Heating Oil - To Lock or Not To Lock The Price

While most city-folk have natural gas these days, there are still millions of people in the Northeast U.S. and eastern Canada who heat with No. 2 fuel oil. While the reasons for sticking with oil are varied, most oil heating customers today don't have access to natural gas. Its important to note that before 2008 there were times when oil heat was actually less expensive than natural gas and its not out of the question that it won't happen again.  Many fuel oil distributors will also be quick to remind you that No. 2 fuel oil has never blown up a building. Despite this, fuel oil distributors are seeing their routes shrink each winter as the natural gas utilities pick-off their customers. In Connecticut and Maine, the State is actively encouraging customers to switch to natural gas and even subsidizing the expansion of natural gas infrastructure.

Towards the end of the summer, many heating oil customers are asked by their distributor if they'd like to "Lock-in" their oil price for the coming winter. This may seem like a daunting and opaque transaction for the average residential or small commercial consumer. There are several elements and risk factors that are included in any fixed priced offer for oil.  

The first and most obvious risk is the price. Heating oil is a refined petroleum product that is nearly identical to diesel fuel. The price is largely determined by the input cost of the oil into the refinery and the supply of refined heating oil in the marketplace. East coast refiners make adjustments each fall to build stocks of heating oil and the relative supplies are determined by the degree to which refiners calibrate their plants to produce refined product (e.g., gasoline, kerosene, jet fuel, asphalt, etc.). Heating oil futures are traded on the NYMEX under the symbol HO and each month has its own contract. The contract size is 42,000 gallons (1,000 barrels) and the delivery point is New York Harbor.  After May 2013, the specifications for the NYMEX heating oil contract will require a sulfur content of less than 15 ppm and heating oil and diesel will be one and the same insofar as the NYMEX contract is concerned. Heating oil with the higher sulfur content will persist for a while in physical markets as some Northeast US states don't mandate the switch to low sulfur until 2018.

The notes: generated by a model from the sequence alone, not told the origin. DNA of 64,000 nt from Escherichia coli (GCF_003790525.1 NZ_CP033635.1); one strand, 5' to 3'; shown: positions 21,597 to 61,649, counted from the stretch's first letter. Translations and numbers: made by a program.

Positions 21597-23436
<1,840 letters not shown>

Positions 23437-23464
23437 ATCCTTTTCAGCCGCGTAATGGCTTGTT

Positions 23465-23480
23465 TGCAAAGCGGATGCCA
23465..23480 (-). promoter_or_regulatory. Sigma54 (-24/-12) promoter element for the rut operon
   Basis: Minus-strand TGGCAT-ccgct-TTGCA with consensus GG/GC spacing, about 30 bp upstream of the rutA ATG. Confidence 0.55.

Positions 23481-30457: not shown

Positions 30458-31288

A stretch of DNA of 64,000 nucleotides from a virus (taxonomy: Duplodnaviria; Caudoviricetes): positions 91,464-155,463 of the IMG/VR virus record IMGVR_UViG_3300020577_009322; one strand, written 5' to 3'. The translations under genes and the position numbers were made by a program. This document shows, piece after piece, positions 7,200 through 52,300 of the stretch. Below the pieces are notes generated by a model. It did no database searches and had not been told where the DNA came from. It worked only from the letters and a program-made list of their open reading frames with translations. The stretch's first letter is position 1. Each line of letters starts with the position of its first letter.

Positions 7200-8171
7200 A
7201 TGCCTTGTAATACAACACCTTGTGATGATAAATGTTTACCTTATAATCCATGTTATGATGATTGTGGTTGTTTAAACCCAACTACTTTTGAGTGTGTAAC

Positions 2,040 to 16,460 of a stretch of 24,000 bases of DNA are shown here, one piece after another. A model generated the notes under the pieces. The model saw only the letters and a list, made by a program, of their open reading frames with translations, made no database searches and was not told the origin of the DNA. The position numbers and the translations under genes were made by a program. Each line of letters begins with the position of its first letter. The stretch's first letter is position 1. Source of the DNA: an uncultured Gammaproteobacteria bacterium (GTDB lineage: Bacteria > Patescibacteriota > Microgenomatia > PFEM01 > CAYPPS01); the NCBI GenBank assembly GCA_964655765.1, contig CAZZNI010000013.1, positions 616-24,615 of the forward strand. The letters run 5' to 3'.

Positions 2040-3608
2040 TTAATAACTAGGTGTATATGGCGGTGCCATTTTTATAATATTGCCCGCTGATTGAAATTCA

No one takes delivery in New York Harbor so there is a basis differential in the price between the settled NYMEX heating oil contract and the local spot market. The graphics below show the current NYMEX heating oil futures curve as well as recent spot prices for heating oil in Boston as reported by the Oil Price Information Service. Note that heating oil futures are backwardated just like Brent futures (generally speaking, going long into backwardation is a bad move). For most customers, the delivered price of oil to their tank will be anywhere from $0.30 - $70/gallon higher than the spot prices reported here since the fuel oil distributor needs to mark up the fuel to pay for delivery costs.

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The second risk factor is usage since it represents a volumetric risk. In a cold winter a customer will use a lot more oil than in a warm winter. As a result, the volume of oil in any fixed price deal is a moving target for the counter-party offering the fixed price. Some "price lock" offers will include a limit on the volume of oil offered at the fixed price to help mitigate this risk. Although the customer will use oil continuously during the heating season, the fuel oil distributor will need to make discrete purchases and deliveries of oil to the customer's tank. As an example, the oil that a customer consumes in December would likely have been purchased and delivered in November. As a result, the November oil price is relevant to December's usage. 

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Many people falsely presume that by locking a price per gallon for heating oil that they will attain budget certainty. While fixing a price per gallon will hold one variable steady, absolute budget certainty will still prove elusive. The column bars in the graphic above represent fuel oil deliveries to a medium size commercial customer in Eastern, MA during the 2012-2013 heating season. The fuel oil distributor makes an oil delivery approximately every 10 days during the heating season. Since actual consumption varies with the weather, there is a significant difference in delivery volumes and as a result, the total cost of each delivery varies widely. The red squares represent the total cost of each delivery with the most and least expensive deliveries costing $2,791 and $1,179, respectively. The number and size of deliveries is based on consumption which is based on the weather which can be highly unpredictable.

So what is a fuel oil user to do? At ETE, we generally offer two pieces of advice. The first is that "locking in" a price for oil for residential or small commercial seasonal quantities is an extremely inefficient transaction with multiple middlemen . The second is that if a customer feels strongly that they need to be able to contain some of the budget risk in their fuel oil spend and they can "lock in" a price at an acceptable level, they should do it so long as they know they are paying a premium to do so and that the actual spot price could be lower when winter comes. The graphic below helps illustrate this choice.

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If your facility is struggling with a decision to lock in an oil price, call us. We can probably help.